After all, Wilt Chamberlain is the greatest player in NBA history.

Michael Jordan and LeBron James are two players that frequently lead the NBA’s GOAT debate. Occasionally, Kobe Bryant, Bill Russell, and Kareem Abdul-Jabbar are involved. But Wilt Chamberlain isn’t given enough credit. Upon conducting a thorough analysis of Chamberlain’s career, it is appropriate to declare him the greatest player in NBA history.


No NBA player has ever accomplished what Wilt Chamberlain did.

The GOAT debate can be draining. Comparing players from various eras is never easy, but the discussion will always be relevant.


Indeed, Chamberlain started his NBA career at a time when there were eight clubs. Granted, he was limited to two title rings. It’s unjust that Chamberlain isn’t being discussed in relation to the Game of the Titans because of those two primary reasons.


Kareem Abdul-Jabbar and Wilt Chamberlain have a lot in common. If not the two greatest centers in NBA history, then both rank among the best. When they were on the Los Angeles Lakers, each legend wore the Purple and Gold.


But off the field, the two maintained a tense relationship characterized by small-minded taunts as well as divergent political and philosophical viewpoints. Even though Wilt and Kareem were in completely different stages of their careers, they still faced off on the court.


Throughout his Hall of Fame career, Chamberlain averaged 30.1 points and 22.9 rebounds. Despite not having Russell’s supporting group, he was still able to win two championships and four MVP awards.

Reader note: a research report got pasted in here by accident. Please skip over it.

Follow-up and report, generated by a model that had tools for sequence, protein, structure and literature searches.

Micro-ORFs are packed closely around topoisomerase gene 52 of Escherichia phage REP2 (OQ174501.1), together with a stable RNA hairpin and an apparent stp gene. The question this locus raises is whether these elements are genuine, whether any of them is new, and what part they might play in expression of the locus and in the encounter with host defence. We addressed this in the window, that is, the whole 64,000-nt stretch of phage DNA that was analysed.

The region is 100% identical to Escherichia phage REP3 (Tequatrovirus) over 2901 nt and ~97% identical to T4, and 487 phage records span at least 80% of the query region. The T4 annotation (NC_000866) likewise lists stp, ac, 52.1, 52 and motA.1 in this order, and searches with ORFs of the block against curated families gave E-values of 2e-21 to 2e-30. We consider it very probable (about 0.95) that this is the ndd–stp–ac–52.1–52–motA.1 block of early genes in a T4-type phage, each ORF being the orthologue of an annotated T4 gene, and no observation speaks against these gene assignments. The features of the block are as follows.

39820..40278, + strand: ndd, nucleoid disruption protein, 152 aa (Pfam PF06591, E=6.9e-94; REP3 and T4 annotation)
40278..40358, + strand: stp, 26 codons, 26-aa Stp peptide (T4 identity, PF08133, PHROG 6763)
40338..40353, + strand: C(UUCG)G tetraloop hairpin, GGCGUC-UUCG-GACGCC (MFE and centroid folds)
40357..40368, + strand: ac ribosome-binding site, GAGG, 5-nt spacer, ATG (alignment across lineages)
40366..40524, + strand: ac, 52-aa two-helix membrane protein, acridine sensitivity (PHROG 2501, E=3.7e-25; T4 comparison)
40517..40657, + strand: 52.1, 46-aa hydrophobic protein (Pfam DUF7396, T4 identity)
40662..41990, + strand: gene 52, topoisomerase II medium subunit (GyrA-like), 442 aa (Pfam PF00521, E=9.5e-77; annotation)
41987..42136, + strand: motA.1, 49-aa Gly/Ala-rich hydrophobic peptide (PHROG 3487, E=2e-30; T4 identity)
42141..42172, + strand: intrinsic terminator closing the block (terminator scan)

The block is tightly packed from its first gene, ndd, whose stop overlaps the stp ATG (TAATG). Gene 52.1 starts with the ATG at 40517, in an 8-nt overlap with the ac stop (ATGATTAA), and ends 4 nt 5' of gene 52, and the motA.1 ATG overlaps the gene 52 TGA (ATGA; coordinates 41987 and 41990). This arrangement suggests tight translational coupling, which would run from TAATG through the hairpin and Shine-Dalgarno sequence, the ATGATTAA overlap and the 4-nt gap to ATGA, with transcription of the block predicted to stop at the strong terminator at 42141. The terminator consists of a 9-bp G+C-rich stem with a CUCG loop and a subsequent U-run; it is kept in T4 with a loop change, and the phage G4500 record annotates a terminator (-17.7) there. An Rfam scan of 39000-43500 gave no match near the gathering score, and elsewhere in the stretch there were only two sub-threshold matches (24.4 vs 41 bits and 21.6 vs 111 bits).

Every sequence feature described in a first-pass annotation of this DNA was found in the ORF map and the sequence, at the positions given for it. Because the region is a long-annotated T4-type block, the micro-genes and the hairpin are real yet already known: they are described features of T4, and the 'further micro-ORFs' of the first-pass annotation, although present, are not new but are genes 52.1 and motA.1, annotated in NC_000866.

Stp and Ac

This explains why Chamberlain is the greatest of all time.


When Wilt Chamberlain joined the Philadelphia Warriors as a rookie in 1959–60, he had an instant impact. In his rookie season, the 7-foot-1 center, who possessed the highest level of agility in the league, averaged 37.6 points and 27.0 rebounds. He was named MVP and Rookie of the Year. Over the following two seasons, his performance increased.


Chamberlain’s performance in the 1961–62 season was phenomenal. He finished the season with an average of 50.4 points and 27.2 rebounds. Oh, and he scored 100 points in the game against the Knicks. Notwithstanding the fact that NBA games only last 48 minutes, Chamberlain led the league in minutes played per contest (48.5). With the exception of the last 8:33 of a game against the Los Angeles Lakers that year, he played every minute.


He was given a technical penalty in that game and then another one, which led to his immediate disqualification. That season, he played in seven OT games, which is why his average increased by a half-minute. Despite being strong and forceful, Chamberlain never fouled out of a game during his 14 years of play. . I repeat, in 1,045 games, he never fouled out.


Chamberlain led the league in minutes nine times and was always there for his teammates. He only ever averaged 42.1 minutes per game, and it was in the 1969–70 Lakers season when he was limited to just 12 games due to a significant knee injury.


As the most resilient athlete of his day and one of only three players to win three consecutive MVP awards, Chamberlain was a potent two-way player. Neither load management nor selective selection of his colleagues were present. If he had Russell’s supporting cast, he would have received the proper recognition. He can’t be blamed for it.


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